Fork SR Suntour 90 mm
Seatpost Alu
Brakes TEKTRO 180/180 mm
Drivetrain Microshift Mezzo 1x8
Handlebar BTWIN Alu 660 mm
Wheelset Alu 26"/20"
Tires CST C1996 2.15"

Technical Data

Size One Size
Weight 41.8 kg
Perm. total weight 208 kg
Max. payload (rider/equipment) 170 kg
Kickstand mount yes

Specific Features

Lighting system

Tuning tip: suspended seat post for more comfort at the rear

The Decathlon cargo bike on test – A pack mule for all eventualities?

So, you swing your leg over the BTWIN cargo R500E Longtail V2 immediately after breakfast and the first cup of coffee. Due to the high top tube, hopping on board isn’t quite as effortless as with the Riese & Müller Multitinker’s low step-through frame, and because the BTWIN has to make do without an angle-adjustable stem, the riding position can be slightly stretched, depending on your size.

Pulling away with the kids on the back can be a shaky affair. However, using the push assist will help, using it as a kind of thumb accelerator when pulling away, thereby bridging the gap to the motor’s engagement on the first few metres. Once you’ve picked up some speed, the motor provides plenty of assistance, and feels just as powerful under load as the mid-motors on the Moustache Lundi and the Riese & Müller Multitinker. However, the difference in power of the hub motor compared to current mid-motors becomes evident on the climbs. It demands significantly more physical input on steep climbs, requiring a similar effort as the Cannondale Wonderwagen or the WINORA F.U.B. 2W. That said, the gear range and power are perfectly sufficient for riding in flat cities.

As functional as a pack mule – the BTWIN Cargo R500E Longtail V2 comes well-equipped as standard, accommodating a variety of transport tasks.

Steep climbs are best avoided with the BTWIN. In these situations, the 58 Nm hub motor will quickly reach its limits, requiring a lot of effort from the rider.
The Decathlon cargo bike remains easy to steer and instils you with confidence, even with heavy loads.

Navigating city streets, the handling of the BTWIN Cargo R500E Longtail V2 feels intuitive. Compared to the long john models in the group test, it still feels most like a normal bike. Nevertheless, you need some time to get used to the cargo bike’s size, and you can’t weave through a crowded market or narrow alleys as easily as with the much shorter Riese & Müller Multitinker. The BTWIN feels stable and confidence-inspiring on cobblestone paths, and the large 26″ front wheel simply rolls over curbs. In combination with the suspension fork up front, big impacts are effectively damped and mitigated. Unfortunately, the small 20″ rear wheel doesn’t roll over obstacles as well as the front, and your cargo tends to get somewhat shaken up. This is also reflected in the ride comfort: while the Decathlon cargo bike offers a lot of comfort up front, the rigid seat post passes bumps on to the rider almost unmitigated. It’s worth upgrading to a suspended seat post.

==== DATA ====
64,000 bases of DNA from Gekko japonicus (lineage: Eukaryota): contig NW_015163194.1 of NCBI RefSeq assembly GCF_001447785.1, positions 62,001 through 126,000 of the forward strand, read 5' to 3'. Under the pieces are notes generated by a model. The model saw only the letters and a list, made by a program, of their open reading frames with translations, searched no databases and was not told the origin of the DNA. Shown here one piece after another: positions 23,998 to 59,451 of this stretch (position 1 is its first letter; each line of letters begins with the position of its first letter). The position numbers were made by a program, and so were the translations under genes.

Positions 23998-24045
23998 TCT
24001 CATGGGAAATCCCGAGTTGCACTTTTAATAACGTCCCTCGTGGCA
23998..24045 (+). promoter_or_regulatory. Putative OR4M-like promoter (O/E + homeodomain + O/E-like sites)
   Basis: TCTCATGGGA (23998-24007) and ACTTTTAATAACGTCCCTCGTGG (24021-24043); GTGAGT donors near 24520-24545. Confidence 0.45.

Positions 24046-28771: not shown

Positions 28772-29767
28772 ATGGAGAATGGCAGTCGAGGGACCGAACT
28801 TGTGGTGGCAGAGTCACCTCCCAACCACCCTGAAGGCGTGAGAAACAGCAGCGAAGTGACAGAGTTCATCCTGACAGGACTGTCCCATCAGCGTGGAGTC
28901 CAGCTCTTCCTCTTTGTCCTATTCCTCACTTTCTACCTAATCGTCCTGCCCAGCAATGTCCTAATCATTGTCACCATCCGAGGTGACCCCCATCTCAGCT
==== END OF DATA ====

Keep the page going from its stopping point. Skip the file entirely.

Packed full of groceries, the BTWIN Cargo R500E Longtail V2 is a little bit harder to get off its stand – at least you can cancel your expensive gym membership. Whether you like it or not, every good day comes to an end, when you’ll have to park the Decathlon cargo bike in the garage. But like the Riese & Müller Multitinker and the Moustache Lundi, it can be placed upright on the rear carrier, saving maximum space in the garage. However, measuring 220 cm in length, you’ll need an appropriately high ceiling: higher than you would for shorter longtails like those from Specialized, Moustache, and Riese & Müller. We also recommend securing the bike strap to prevent it from tipping over.

Although the BTWIN Cargo R500E Longtail isn’t as manoeuvrable as other bikes in the test field, it scores for its intuitive and confidence-inspiring handling.

Who is the Decathlon cargo bike for? – And who better steer clear?

The BTWIN Cargo R500E Longtail V2 is ideal for price-conscious cargo newcomers seeking the lowest possible barrier to entry, who don’t care too much about looks. Thanks to the wealth of standard accessories, it caters to a wide range of transport use cases and scenarios as is. Those who live and ride in mountainous regions should rather look at the Moustache Lundi. The Decathlon cargo bike is better suited to those who reside in flat port cities, looking to fetch fresh fish from the market.

Our conclusion on the Decathlon cargo bike

The BTWIN Cargo R500E Longtail V2 isn’t the most sophisticated, flexible, or versatile cargo bike in the test field. BUT: it comes specced with a wealth of standard cargo carrying accessories, and optional extras won’t break the bank if the standard spec doesn’t meet your needs. Moreover, even cargo newbies will quickly feel at home thanks to the stable and intuitive handling. You get a lot of cargo bike considering the price, and it was unanimously voted our well-deserved best buy!


  • fully equipped cargo bike at a good price
  • intuitive and stable handling
  • umfangreiche Serienausstattung


  • motor struggles on steep climbs
  • difficult to pull away and to prop up on the stand when fully loaded

For more information, visit decathlon.de

The test field

For an overview of the test fleet head to the group test: The best cargo-bike – The 12 hottest models in our comparison test.

All bikes in test: Moustache Lundi 20 Cargo 3 (Click for review) | Specialized Porto (Zum Test) | Ultima Multipath Cargo Compact (Click for review) | i:SY Cargo P12 ZR (Click for review) | Riese & Müller Packster2 70 Touring (Click for review) | Riese & Müller Multitinker Vario (Click for review) | BTWIN | WINORA F.U.B. 2W (Click for review) | Cannondale Wonderwagen Neo1 (Click for review) | VEOLO Cargo Trailer (Click for review) | Benno RemiDemi XL (Click for review) | Momentum PakYak E+ (Click for review)

Words: Mike Hunger Photos: Antonia Feder, Robin Schmitt